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More on Turner for Speaker

Burka thinks the Turner for Speaker campaign is a stalking horse.

There’s no way for Sylvester to win. Republicans can’t vote for a Democrat for speaker. The best Turner can hope for is to hold the Craddick Ds (who may not be as solid as they were before the blowups) and to add some of the WD-40s and some of the more independent Ds like Strama. Let’s say he can get to 25-30 supporters. That gives him a chance to be kingmaker, but not king–and we know who he’ll be kingmaker for. More likely, this is not a play for speaker at all. It is a play to protect the Craddick Ds from a primary challenge. Turner’s candidacy gives the Craddick Ds the opportunity to pledge to a Democrat. This removes the main argument that can be used against the Craddick Ds in the primary. Then, safely reelected, they can deliver their votes to Craddick in January 09.

Much to think about in there. One point I want to make is that of all the Craddick Ds, I think Turner is the least vulnerable to a primary challenge. Unlike some of his Craddick-crat colleagues, Turner has a real record of accomplishment (think HB109, for starters), and is very well liked in his district. He’s not an apostate like Ron Wilson was. He’s not an out-of-touch relic like Al Edwards was. Mounting a primary challenge against him would be very difficult. While I can see him laying down cover for some of his colleagues who’ll need the help, like Kevin Bailey and Dawnna Dukes, I seriously doubt he himself has anything to worry about. As such, I reject the notion that he’s doing this to protect himself next March.

On a side note, be sure to check out this video at BOR that compiles editorial reactions to Tom Craddick’s power grab. Good stuff.

UPDATE: Two points from the Chron story, which I didn’t get to earlier. One is further evidence that it won’t be Sylvester Turner unifying Democrats in his Speaker’s bid:

“Mr. Turner has worked against the interest of Democrats by propping up Mr. Craddick. That is not something that is forgotten,” said Rep. Garnet Coleman, D-Houston.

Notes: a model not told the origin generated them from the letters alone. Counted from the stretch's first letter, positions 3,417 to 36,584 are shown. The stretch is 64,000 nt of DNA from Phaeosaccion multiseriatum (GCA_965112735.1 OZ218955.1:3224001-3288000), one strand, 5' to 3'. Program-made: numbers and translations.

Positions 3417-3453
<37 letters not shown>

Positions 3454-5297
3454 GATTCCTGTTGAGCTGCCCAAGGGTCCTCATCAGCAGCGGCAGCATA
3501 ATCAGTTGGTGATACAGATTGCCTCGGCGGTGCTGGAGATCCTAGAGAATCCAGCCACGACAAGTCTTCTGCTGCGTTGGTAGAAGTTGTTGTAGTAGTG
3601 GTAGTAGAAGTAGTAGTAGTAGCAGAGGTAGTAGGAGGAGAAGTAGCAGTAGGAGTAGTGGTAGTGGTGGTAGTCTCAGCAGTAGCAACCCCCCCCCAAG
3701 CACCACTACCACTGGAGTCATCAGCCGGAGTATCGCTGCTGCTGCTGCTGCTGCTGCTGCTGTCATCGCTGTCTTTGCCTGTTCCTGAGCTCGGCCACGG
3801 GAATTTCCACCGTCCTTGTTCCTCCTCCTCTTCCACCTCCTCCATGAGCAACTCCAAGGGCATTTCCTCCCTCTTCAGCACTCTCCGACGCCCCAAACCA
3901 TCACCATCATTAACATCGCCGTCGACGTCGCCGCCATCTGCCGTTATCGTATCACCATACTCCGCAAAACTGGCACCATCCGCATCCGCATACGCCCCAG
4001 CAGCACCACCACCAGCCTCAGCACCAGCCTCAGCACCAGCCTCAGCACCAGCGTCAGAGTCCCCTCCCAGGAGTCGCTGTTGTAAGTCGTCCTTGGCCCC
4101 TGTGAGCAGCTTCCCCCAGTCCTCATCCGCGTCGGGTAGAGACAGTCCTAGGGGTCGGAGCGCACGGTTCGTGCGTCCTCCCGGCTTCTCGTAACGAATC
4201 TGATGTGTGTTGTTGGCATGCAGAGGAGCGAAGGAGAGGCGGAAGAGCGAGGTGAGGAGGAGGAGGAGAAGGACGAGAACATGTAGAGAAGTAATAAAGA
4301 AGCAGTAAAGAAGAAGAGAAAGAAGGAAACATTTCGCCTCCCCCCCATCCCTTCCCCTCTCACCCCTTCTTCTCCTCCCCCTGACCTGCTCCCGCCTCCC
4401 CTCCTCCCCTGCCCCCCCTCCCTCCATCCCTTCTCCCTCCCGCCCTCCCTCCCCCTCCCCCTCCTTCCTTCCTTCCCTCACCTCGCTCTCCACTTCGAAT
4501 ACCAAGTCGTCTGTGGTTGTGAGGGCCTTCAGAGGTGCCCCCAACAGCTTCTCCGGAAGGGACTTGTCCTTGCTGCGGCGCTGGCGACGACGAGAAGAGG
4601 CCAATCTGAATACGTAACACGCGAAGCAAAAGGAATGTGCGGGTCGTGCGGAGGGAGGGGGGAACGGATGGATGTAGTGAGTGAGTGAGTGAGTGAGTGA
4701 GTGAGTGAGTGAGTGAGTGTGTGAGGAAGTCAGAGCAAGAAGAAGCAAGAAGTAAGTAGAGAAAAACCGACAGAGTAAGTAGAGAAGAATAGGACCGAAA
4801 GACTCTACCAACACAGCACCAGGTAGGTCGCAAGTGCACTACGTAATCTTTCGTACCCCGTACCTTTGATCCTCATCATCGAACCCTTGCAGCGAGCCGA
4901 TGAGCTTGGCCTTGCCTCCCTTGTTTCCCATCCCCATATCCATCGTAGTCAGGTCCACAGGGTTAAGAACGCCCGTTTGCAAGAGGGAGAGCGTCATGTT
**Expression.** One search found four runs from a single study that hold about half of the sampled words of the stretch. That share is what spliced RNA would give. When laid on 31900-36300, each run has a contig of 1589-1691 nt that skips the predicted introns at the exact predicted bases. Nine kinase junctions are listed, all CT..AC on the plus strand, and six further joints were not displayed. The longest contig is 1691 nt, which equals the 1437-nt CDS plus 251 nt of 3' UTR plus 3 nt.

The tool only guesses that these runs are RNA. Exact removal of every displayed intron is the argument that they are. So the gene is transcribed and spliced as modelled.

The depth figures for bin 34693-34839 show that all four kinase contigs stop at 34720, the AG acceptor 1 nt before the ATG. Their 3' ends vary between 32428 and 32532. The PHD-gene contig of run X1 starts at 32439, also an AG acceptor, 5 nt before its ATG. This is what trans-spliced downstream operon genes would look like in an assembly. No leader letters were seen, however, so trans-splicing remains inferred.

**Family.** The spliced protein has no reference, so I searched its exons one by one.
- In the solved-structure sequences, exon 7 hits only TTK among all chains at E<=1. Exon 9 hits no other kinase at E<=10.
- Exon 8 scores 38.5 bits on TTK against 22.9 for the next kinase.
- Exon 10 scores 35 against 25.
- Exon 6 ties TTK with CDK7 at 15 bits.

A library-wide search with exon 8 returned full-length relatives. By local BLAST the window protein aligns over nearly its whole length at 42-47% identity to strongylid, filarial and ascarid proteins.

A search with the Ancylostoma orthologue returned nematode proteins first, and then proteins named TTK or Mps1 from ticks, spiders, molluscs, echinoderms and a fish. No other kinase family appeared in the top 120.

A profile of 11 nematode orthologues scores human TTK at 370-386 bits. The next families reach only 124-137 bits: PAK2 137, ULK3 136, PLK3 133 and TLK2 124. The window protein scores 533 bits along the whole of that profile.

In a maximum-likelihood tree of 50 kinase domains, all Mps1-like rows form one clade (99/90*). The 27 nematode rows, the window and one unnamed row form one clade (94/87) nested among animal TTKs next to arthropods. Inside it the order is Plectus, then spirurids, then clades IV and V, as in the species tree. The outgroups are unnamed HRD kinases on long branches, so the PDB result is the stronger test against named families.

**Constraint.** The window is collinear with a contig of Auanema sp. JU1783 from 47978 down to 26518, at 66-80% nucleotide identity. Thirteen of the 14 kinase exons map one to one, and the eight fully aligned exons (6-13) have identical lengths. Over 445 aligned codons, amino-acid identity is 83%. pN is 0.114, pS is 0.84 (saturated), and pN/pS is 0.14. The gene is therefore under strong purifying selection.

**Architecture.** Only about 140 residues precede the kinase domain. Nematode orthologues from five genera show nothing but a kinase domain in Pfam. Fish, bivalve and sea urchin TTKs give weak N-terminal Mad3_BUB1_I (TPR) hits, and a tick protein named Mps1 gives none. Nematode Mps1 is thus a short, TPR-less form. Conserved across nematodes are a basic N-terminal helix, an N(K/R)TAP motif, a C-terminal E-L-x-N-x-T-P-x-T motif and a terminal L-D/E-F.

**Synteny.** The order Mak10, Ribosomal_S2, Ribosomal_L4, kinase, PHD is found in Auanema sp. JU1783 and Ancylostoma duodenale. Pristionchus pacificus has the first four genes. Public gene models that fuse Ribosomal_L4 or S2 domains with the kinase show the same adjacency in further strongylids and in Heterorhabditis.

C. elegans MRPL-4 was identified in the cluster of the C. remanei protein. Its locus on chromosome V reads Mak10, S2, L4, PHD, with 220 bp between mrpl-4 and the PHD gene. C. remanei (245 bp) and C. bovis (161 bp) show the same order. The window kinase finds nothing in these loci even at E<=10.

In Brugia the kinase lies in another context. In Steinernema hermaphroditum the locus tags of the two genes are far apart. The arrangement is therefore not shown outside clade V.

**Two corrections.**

Coleman, who has had differences with Turner, said he doesn’t believe Turner can win. It takes 76 votes to win in the 150-member chamber. The current makeup of the House is 81 Republicans and 69 Democrats.

“It’s not because Sylvester isn’t smart and has the tenure. It’s because he’s made bad choices,” Coleman said, adding that “if Sylvester is a serious candidate, Craddick is dead. He is defeated now.”

From your lips to God’s ears, Garnet. Until somebody else actually gets elected Speaker, I’m going to assume that Tom Craddick isn’t really dead but merely comic book dead. It’s too risky to think otherwise.

Rep. Warren Chisum, R-Pampa, Appropriations Committee chairman, said he’ll support Craddick if he runs for re-election as speaker but that he hadn’t heard from Craddick about his plans.

He also said it’s possible that a Democrat could be elected to the top spot in the House, noting the group trying to unseat Craddick came from both parties. He said he believes there are Republicans who would vote for a Democrat for speaker.

So Chisum disagrees with Burka about Republicans voting for a Democrat for Speaker. We’ll see who’s right. For what it’s worth, I can’t speak for Republican primary voters, but to revisit the cases of Ron Wilson and Al Edwards again, it wasn’t their support of Tom Craddick that galvanized the opposition that eventually ousted them. Wilson was a huge enabler of the 2003 re-redistricting, and basically spent that entire year openly pissing on the Democratic Party and his colleagues. The campaign ads against him wrote themselves. Edwards made some bad votes in 2005, but the real clincher was the Sexy Cheerleading bill, which turned him into a national laughingstock. Point I’m making is simply that one’s vote for Speaker, at least historically, has not been that big a deal in and of itself. Admittedly, things are different now (thanks again, Tom!), and given where we are today I’d probably consider a vote for Craddick in 2009 to be an unforgivable sin for a Democrat. Whether the Republicans see it the same way from their perspective, I couldn’t say.

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3 Comments

  1. PDiddie says:

    Right you are (and Burka as well).

    This play is about fortifying the Craddick coalition. I don’t think Sly sees the crumbling, but the more disquieting thing that’s he’s doing is keeping all his eggs in the one basket.

    If the Democrats capture the House next year, what are his options beyond apologies?

  2. Temple Houston says:

    Sylvester Turner is merely reverting to the role he favors in Houston municipal elections: splitting the liberal vote to aid conservatives. Coleman is very right about Turner actions in the past. Turner is the most deserving of the Craddick D’s to have a primary opponent. Yes, he might not be defeated, but it might help focus his thoughts on the consequences of his actions. It has been too long that he has gotten a free ride on his “bad decisions.” By the way, the comments I have heard about Al Edwards were that he was “always on the wrong page” and clueless, characterizations that goes back to his first term in office.

  3. marie says:

    I agree that this is an attempt to save the Craddick D’s from primary opponents. Turner has had several oppotunities to separate himself from Craddick and simply chose not to.